Questions with a Pro: Virginia Hamrick

by | May 4, 2020 | Questions with a Pro, Strictly Business Blog

This week’s Questions with a Pro features Virginia Hamrick.

Virginia is a photographer who specializes in architecture. She loves the opportunities architectural photography provides for her to collaborate with the various people who bring architecture to life. Here, Virginia describes how the digital age has impacted her business, how she handles the unpredictability of the photography industry, and the keys to effective collaboration.

We asked: Please describe how you came to specialize in architecture.  How did you know that this was your niche?

Virginia said: It was quite by accident that I came to specialize in architecture and interiors photography.   After several years working in software development and then running a small business, I decided to pursue a livelihood with my camera.  As I began exploring possible areas of specialization, a chance opportunity to photograph a building for an architect came along.  That experience revealed several things to me:  how much I was drawn to this uniquely challenging kind of photography, how much there was for me to learn, and how energized I was to pursue that learning.   

So began lots of reading and self-directed assignments to build a portfolio.  Eventually, showing my book to architects lead to paid commissions and I never looked back.  

We asked: How has the digital age impacted your business and the way you approach photography?

Virginia said: My transition to shooting with digital cameras happened shortly before I launched my photography business.  So, while the digital age didn’t impact my business per se, it certainly did shape it, especially in the areas of workflow, asset management and post-production.  Coming from a film background, digital image processing was brand new territory for me, but I enjoyed learning Photoshop and in particular the ability to make composites and blend exposures are important for my work.

We asked: The photography industry tends to be very unpredictable. How do you cope with this fact and keep the work flowing?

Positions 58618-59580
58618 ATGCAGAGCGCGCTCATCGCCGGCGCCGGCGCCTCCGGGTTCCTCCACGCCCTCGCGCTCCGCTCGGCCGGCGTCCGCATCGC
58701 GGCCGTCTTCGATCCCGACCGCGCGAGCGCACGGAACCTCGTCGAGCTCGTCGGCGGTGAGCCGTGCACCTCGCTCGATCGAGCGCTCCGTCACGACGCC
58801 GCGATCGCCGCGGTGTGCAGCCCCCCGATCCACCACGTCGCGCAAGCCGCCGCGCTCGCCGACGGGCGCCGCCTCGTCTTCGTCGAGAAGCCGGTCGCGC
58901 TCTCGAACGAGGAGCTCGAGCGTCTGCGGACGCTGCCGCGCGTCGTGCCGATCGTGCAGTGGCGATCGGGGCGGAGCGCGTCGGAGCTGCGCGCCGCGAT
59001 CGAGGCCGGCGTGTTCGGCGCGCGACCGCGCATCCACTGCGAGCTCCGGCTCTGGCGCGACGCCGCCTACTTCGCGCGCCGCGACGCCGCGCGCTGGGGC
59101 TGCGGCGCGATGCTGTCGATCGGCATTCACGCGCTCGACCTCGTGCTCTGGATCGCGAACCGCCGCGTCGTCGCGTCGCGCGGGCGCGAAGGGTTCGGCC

Virginia said: By maintaining long-term relationships with clients.  Since architects’ projects can take years to design and build, there may be long gaps in between assignments with a given client so I’ve learned to manage expectations knowing that more work will likely be coming when they have a need.  Established clients facilitate third-party licensing connections which may come months or years after the original project has been delivered and this revenue source helps stabilize things.  On a practical level, I now channel a portion of all income into a reserve fund for riding out market fluctuations due to recessions and normal seasonal ups and downs.  

We asked: What are your main sources of inspiration? 

Virginia said: Spending time in nature.  Observing how the sun will change the way a building looks from season to season, day to day, and minute to minute.  Exploring and experiencing new places, both urban and rural.  I’m especially drawn to plazas, public gardens and parks where the built environment and the natural environment meet and overlap. 

We asked: What are some of the keys to effective collaboration on set? Please explain.

Virginia said: Being prepared in advance with an understanding of the overall goal of the assignment.  Goals can be quite different depending on the type of client commissioning the work.  An architect, an interior designer, and an editorial client will each have a different vision and set of needs.  

On set, good communication is important for exploring what each shot is meant to feature, evoke or communicate. 

Finally, keeping things as relaxed and stress-free as possible, especially when non-professional models are involved.   This is common when photographing buildings on college campuses where actual students typically populate the spaces.  Once the shot is set up and the tripod is locked down, by shooting with a wireless tether, I can step away from the camera and interact with the models and then trip the shutter remotely when the moments are right.   I find this approach yields more natural expressions and body language and it also allows me to capture multiple frames for compositing in post-production.

Find more of Virginia’s work on her website.

If this article was of interest to you, take a look at some of the other articles in the Questions with a Pro and Questions with an Educator series.